Defense Secretary Lloyd Austin said Monday a potential year-long continuing resolution would lead to “enormous, if not irreparable, damage” to Pentagon priorities, citing an impact worth potentially billions of dollars if Congress is unable to pass full spending bills.

Austin said a full-year CR would represent a “budget cut – and a significant one at that” — may result in more than $5 billion in cuts to the Pentagon’s operating accounts, delays to over 100 military construction projects and halting progress on research and development efforts in areas such as hypersonics and artificial intelligence.

Low angled view of the U.S. Capitol East Facade Front in Washington, DC.

 “A full-year CR would be a fiscally unsound way of funding the Department of Defense and government as a whole.  It would misalign billions of dollars in resources in a manner inconsistent with evolving threats and the national security landscape, which would erode the U.S. military advantage relative to China, impede our ability to innovate and modernize, degrade readiness, and hurt our people and their families. And it would offer comfort to our enemies, disquiet to our allies, and unnecessary stress to our workforce,” Austin said in a statement.

The defense secretary’s remarks arrive after the latest CR was signed on Friday to keep the government open through Feb. 18, while the measure locks in funding at last year’s spending levels and prohibits the department from starting new programs (Defense Daily, Dec. 3).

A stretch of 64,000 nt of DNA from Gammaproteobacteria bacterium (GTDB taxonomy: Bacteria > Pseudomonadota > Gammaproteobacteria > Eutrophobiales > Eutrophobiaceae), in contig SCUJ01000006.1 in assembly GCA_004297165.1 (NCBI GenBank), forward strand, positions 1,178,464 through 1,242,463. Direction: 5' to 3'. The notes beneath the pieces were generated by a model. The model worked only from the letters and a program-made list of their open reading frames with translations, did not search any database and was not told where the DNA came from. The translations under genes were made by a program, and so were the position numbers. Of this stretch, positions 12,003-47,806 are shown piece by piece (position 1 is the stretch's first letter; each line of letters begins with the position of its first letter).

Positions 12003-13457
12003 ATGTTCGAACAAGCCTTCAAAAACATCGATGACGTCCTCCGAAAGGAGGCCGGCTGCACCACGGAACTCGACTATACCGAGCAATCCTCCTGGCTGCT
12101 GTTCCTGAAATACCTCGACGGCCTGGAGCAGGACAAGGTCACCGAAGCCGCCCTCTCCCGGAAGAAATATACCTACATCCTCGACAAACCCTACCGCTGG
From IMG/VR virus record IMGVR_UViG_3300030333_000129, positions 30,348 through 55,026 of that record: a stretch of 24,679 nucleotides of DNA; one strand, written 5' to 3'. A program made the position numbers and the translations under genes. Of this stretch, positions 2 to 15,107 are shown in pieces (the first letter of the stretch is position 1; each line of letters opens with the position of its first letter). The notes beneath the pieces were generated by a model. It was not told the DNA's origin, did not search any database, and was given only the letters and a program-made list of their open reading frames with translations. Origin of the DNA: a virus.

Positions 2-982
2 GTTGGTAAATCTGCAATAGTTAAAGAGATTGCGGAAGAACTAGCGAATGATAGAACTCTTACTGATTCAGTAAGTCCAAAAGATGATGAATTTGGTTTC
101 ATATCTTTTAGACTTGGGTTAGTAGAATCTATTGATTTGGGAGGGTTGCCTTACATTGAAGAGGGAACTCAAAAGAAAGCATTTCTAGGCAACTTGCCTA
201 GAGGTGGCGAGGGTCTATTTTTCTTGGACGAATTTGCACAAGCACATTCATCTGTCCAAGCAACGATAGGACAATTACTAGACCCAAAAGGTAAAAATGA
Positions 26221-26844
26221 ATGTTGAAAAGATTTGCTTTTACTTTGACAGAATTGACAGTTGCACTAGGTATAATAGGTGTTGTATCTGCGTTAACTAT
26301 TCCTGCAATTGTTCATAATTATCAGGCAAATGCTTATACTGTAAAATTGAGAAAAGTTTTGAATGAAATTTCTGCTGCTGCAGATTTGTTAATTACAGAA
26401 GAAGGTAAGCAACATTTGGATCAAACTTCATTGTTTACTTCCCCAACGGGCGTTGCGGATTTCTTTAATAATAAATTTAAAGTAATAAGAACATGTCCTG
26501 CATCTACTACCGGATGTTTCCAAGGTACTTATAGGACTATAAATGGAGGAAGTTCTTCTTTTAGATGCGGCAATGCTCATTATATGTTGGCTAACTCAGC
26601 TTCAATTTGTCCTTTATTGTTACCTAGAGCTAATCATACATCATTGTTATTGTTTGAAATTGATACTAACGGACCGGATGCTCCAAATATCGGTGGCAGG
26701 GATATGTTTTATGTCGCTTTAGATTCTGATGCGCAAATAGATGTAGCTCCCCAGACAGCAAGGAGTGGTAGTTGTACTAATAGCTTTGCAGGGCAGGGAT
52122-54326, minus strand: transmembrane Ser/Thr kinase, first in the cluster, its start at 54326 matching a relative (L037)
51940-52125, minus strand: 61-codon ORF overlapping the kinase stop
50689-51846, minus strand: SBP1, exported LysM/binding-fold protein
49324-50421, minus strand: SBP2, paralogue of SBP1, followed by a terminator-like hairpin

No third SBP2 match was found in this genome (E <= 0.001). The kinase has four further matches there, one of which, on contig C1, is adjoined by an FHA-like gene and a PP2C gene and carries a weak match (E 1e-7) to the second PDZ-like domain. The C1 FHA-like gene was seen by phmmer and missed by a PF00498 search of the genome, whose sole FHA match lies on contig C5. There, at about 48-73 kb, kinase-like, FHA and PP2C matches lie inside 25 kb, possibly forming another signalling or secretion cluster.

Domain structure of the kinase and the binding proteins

Rep. Adam Smith (D-Wash.), chairman of the House Armed Services Committee, said over the weekend he believes there’s a 50/50 chance Congress is able to pass full appropriations bills by the new Feb. 18 deadline.

“The most important thing is that between now and Feb. 18 to get all of the appropriators in a room and actually start negotiating. We cannot start negotiating from the premise of ‘you have to agree with everything I want and then we’ll sit down and talk,’” Smith said during a panel at the Reagan National Defense Forum in Simi Valley, California. “The next 30 days isn’t the issue. It’s about now to Feb. 18. We know what we have to do. And I’d say it’s 50/50 whether or not we’re able to do it.” 

Smith said the delay in passing spending bills and the increasingly routine nature of operating under CRs is due to individual lawmakers “focused on winning the message of the day” rather than collective action to get bills completed.

“Everybody’s got their priority and their mission is to force that priority by whatever damage is done. There’s not as many people in Congress that are focused on knowing that we have to pass appropriations bills, we have to pass [the NDAA],” Smith said. “The days of us being able to go off into a room, cut the deal, come back and everybody ‘Yeah, good. Let’s vote and go home’ are gone.”

Sen. Jon Tester (D-Mont.), chairman of the Senate Defense Appropriations Subcommittee, recently criticized Republicans’ “unprecedented obstruction” in moving spending bills forward and said a potential year-long CR could amount to a $70 billion impact on the Pentagon and Department of Veterans Affairs (Defense Daily, Nov. 22).